At first, I was paranoid and very aware that I wasn't wearing anything but underwear. I checked every single seat I left for signs of leakage. Every reflective surface became an opportunity for me to check out my butt to see if there were any unusual spots. Thankfully, there was nothing, but that didn't stop my mind from worrying every time I stood up from my desk that there would be a Game of Thrones Red Wedding scenario on my chair.
While it felt strange to not wear any protection on a heavy day, it was also nice to not feel like I was wearing anything bulky or intrusive. My THINX felt like a normal pair of underwear, and it felt freeing to be able to move around without feeling my pad or tampon shift around.
I went through my whole day convinced that these panties were created with some sort of menstrual witchcraft, and I would never wear a pad or tampon again.
That is, until my first trip to the bathroom. When I pulled the underwear back on, it felt like I was putting on wet bathing suit bottoms, and I was instantly grossed out. Sure, there were no leaks, and it felt great to not have to put anything inside me or wear a diaper, but there was nothing enjoyable about feeling like I was in a beach outhouse after spending a day in the ocean.
The rest of the day went on as normal, and I started to forget that I was wearing my THINX except for when I went to the bathroom and experienced the same wet bikini bottoms feeling all over again. In the days following, I never broke out into a rash or got an infection, which was a relief.
While I didn't enjoy the feeling of the underwear after taking them on and off, I can see where these would come in handy. During long car rides or busy days where you don't have time to be running back and forth to the bathroom to change your pad or tampon, THINX is a great alternative because they held up well, didn't leak, and are easy to clean in the washing machine.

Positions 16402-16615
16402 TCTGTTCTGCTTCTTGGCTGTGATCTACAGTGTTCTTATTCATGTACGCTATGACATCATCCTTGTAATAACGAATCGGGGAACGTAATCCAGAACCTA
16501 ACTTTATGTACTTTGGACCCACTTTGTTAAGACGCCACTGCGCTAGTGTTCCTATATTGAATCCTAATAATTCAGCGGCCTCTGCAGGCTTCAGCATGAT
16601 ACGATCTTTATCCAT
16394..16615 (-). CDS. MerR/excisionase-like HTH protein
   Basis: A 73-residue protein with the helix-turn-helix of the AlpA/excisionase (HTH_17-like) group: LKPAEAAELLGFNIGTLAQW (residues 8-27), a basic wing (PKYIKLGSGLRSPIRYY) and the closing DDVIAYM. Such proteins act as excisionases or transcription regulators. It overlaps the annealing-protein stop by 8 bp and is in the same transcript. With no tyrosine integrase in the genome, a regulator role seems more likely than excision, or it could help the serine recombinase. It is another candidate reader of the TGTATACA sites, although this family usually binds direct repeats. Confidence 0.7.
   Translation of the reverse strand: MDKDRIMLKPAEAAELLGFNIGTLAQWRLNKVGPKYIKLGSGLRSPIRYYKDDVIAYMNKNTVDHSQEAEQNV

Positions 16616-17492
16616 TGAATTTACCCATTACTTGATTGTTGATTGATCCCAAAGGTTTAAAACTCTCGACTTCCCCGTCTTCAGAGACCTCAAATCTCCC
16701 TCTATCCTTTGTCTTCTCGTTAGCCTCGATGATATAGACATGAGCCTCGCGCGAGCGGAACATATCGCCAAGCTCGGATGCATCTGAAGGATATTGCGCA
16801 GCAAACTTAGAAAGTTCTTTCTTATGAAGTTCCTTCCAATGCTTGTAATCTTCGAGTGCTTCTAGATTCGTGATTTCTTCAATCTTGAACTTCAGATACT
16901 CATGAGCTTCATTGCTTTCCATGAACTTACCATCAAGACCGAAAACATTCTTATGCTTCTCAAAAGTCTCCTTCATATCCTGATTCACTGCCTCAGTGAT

That being said, I wouldn't say it was the most comfortable thing in the world. Sure, tampons and pads are a bit bulky and intrusive, but being able to throw them away and put on something fresh as often as you want was a perk I didn't realize I enjoyed. You can't throw away your underwear in the middle of the day, and it's hard to get over the feeling of putting back on dirty underwear after using the bathroom.
The bottom line is that periods are just not fun. Sure, they allow our bodies to be able to create life, which is awesome, but they will never be enjoyable or comfortable. Ever. Products like THINX are a great alternative if you absolutely hate pads or tampons, and they are absolutely worth buying to support their mission to providing sanitary products to the women of Uganda.
In the end, whatever helps you get through your period with confidence and comfort is what you should use, and while I won't be swearing off of pads and tampons forever, my new Thinx panties will come in handy during heavy days where I am too busy to fuss over feminine hygiene products.